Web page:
The EB-5 Visa is an excellent option for foreign investors willing to put down the required amount of investment and meet the strict requirements of the United States Citizenship and Immigration Services (USCIS).
In this article, you will discover whether an EB-5 applicant can rely on a loan to fund an EB-5 investment.
Understanding the EB-5 Investor Program – The Fundamentals
The EB-5 Investor Program was created in 1990 to stimulate the American economy with the influx of capital from foreign investments and job creation for qualified workers.
Eligible foreign investors approved for EB-5 status can be admitted to the United States accompanied by a spouse and unmarried children under 21 to live as permanent residents (green card holders). The elementary eligibility requirements for EB-5 status are:
- To invest a certain amount of capital in a US commercial enterprise, and
- Plan to create (or preserve) ten full-time jobs for qualified US workers
USCIS defines the term “capital” as “cash and all real, personal, or mixed tangible assets owned and controlled by the immigrant investor.” Please note that the amount invested will be valued at fair-market value in US dollars.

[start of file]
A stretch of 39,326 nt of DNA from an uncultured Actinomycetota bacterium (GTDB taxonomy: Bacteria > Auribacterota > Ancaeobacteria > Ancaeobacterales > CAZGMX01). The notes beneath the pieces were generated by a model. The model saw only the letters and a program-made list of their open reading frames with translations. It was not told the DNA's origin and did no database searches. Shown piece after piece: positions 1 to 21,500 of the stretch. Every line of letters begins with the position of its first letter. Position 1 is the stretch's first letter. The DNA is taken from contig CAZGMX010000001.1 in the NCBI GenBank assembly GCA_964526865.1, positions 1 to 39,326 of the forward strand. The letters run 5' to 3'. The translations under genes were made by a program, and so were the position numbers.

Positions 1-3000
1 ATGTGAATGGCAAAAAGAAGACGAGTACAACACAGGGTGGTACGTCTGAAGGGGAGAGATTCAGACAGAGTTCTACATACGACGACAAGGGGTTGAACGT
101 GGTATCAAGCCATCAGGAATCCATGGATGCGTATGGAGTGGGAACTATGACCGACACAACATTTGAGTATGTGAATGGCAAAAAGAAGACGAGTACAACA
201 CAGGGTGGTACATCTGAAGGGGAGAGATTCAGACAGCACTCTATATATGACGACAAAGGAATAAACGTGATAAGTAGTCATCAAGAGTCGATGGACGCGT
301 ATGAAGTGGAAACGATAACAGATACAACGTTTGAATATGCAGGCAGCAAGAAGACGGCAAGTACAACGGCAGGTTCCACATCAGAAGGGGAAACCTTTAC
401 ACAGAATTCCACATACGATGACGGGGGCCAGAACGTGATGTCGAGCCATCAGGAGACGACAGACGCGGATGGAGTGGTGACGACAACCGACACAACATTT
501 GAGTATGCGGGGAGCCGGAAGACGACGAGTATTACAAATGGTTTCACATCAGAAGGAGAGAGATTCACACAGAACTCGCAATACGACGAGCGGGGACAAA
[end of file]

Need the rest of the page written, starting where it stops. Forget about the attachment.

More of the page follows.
The applicant must show that he or she is the legal owner of the capital invested. Even though some cases allow applicants to use a promissory note, these are rare exceptions to the rule.
Since March 15, 2022, the minimum amount of investment applied to the EB-5 classification is $1,050,000. If the applicant opts for investing in a Targeted Employment Area (TEA), the minimum cap is $800,000.
Can an EB-5 Investment be a Loan? – The Verdict
USCIS has no specific requirement that the EB-5 investment must be liquid or exclusively in the form of cash. Accordingly, EB-5 applicants can rely on multiple sources to reach the threshold investment.
A loan can serve as a source of funding for a qualifying EB-5 investment. However, specific conditions must be met to make this alternative permissible. Essentially, USCIS only allows EB-5 applicants to use secured loans.
Several years ago, the USCIS allowed EB-5 investors to use unsecured loans, but this source of funding is no longer acceptable. Additionally, not all secured loans are eligible to fund an EB-5 investment.
A basic requirement is that the visa applicant cannot utilize assets from the business receiving the investment as collateral to secure the loan.
Another important factor applies to EB-5 applicants opting to invest in a regional center. In such cases, an applicant overwhelmingly leveraged or utilizing a loan that comprises most of the capital invested might not give examiners a good impression.
Additionally, depending on the processing time required to get the application approved, EB-5 investors will likely need to demonstrate they have properly fulfilled the loan repayments due.